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“A man is severely injured in a mysterious accident, receives an outrageous sum in legal compensation, and has no idea what to do with it” is a pretty simple story idea, but that’s verbatim the pitch for Tom McCarthy’s Remainder. The publisher’s blurb is elegantly written around what he does wind up doing with it, so if that doesn’t sound like something you want to know, it’d behoove you to stop reading here. The real spoiler that’s not a spoiler is that if you’re reading this, you already know everything’s going to end in motorcycle racing anyway.

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Monday

It was already daylight by the time I got home on Sunday. That meant I spent half my weekend sleeping, which I might’ve done anyway thanks to the bonus hour and also because I’ve grown increasingly slothful as my brain prepares for the cold, barely able to reset the clocks that hadn’t already switched automatically. Which is funny, sort of — temperatures were supposed to be in the 70s all week. For most of my life, that wouldn’t have been unusual. I had no excuse other than the one everyone uses: psychic browbeating.

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Leicester City's Jamie Vardy (2nd R) celebrates after scoring the opening goal.

Agence France-Presse

For all its faults and the criticism it generates, the international break in soccer does, at the very least, afford us the opportunity to survey the first third of the European domestic leagues. A cursory look at the tables as they stand now reveal mostly what you’d expect with even a rudimentary knowledge of how these things tend to go: Barcelona leads in Spain, tracked closely by both Madrid squads; Bayern Munich is on top in Germany with the kind of goal differential that is reminiscent of a college student’s bank account (which is to say, impressive for the soccer team, and dire for the student); Paris Saint-Germain is looking to have the French title wrapped up by Christmas, when its focus turns to completing an undefeated domestic season; Inter and Roma are sharing some space with Fiorentina, which is awfully (suspiciously?) charitable of them; and the two Manchester clubs are firmly slotted in the top four in England, with Arsenal and Tottenham closely trailing.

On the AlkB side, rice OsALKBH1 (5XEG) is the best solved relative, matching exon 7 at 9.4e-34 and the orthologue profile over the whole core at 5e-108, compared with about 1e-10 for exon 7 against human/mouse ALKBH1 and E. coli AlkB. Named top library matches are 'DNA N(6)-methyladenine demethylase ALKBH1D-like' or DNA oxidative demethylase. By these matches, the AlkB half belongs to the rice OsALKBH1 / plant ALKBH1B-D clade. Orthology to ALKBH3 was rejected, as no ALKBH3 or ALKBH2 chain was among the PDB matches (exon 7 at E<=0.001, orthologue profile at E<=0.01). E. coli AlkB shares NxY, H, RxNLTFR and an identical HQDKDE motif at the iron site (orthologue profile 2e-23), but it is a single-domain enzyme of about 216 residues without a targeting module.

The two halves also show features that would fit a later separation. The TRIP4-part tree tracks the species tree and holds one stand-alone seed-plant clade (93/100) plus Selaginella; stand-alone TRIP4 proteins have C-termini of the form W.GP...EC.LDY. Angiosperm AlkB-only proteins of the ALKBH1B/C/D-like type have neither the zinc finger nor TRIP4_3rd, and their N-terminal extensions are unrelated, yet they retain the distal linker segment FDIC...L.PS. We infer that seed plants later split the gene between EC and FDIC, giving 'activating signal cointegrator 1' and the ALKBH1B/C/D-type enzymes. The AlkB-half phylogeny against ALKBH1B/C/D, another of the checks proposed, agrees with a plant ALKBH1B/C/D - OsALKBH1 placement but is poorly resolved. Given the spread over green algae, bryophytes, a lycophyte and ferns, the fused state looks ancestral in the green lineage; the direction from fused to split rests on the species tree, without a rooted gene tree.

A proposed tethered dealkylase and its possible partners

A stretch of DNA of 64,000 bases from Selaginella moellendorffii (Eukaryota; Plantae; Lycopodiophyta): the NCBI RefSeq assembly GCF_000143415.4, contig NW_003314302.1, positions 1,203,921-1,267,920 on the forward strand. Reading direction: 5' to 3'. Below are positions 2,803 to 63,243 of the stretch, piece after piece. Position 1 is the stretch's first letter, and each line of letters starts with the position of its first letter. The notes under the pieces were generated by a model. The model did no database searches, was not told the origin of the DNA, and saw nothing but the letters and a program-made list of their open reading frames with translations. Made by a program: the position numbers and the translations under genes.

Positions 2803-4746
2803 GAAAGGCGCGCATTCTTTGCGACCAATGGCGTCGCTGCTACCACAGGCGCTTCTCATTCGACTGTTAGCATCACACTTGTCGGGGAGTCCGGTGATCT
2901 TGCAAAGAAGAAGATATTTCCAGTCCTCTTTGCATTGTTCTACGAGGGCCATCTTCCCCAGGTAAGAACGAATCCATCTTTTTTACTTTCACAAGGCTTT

Leading that latter group, however, is an unheralded and unexpected group, with a Jamaican international serving as captain, who are only two seasons removed from promotion. While not the most desolate of England’s clubs, Leicester City is not among its notable fat cats either. With an incendiary scorer, a host of heady midfielders, the keeper son of a keeper man and a well-traveled manager, however, King Power Stadium may yet see meaningful continental matches and, with more than a bit of luck, a trophy.

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Courtesy of Soccerroomtoday.com

Courtesy of Soccerroomtoday.com

When anyone mentions La Liga, the top soccer division in Spain, in the United States, the most popular notion which comes to mind is the FC Barcelona-Real Madrid dichotomy which has ruled the country and succeeded in European play for decades. The last team other than these two to win La Liga was a Mista-led Valencia squad in 2003-’04, a season in which Barcelona finished second and Real Madrid finished fourth. Incredibly, Madrid (32) and Barcelona (22) have accounted for 54 out of a possible 81 La Liga championships since the inception of the league in 1929, and the two best players in the world, Barcelona’s Lionel Messi and Real Madrid’s Christiano Ronaldo, keep these teams at the vanguard of Spanish football thought. This season may just end the decade-long reign of those two clubs, however, as a powerful team has emerged just south of Real’s Santiago Bernabéu in Madrid.

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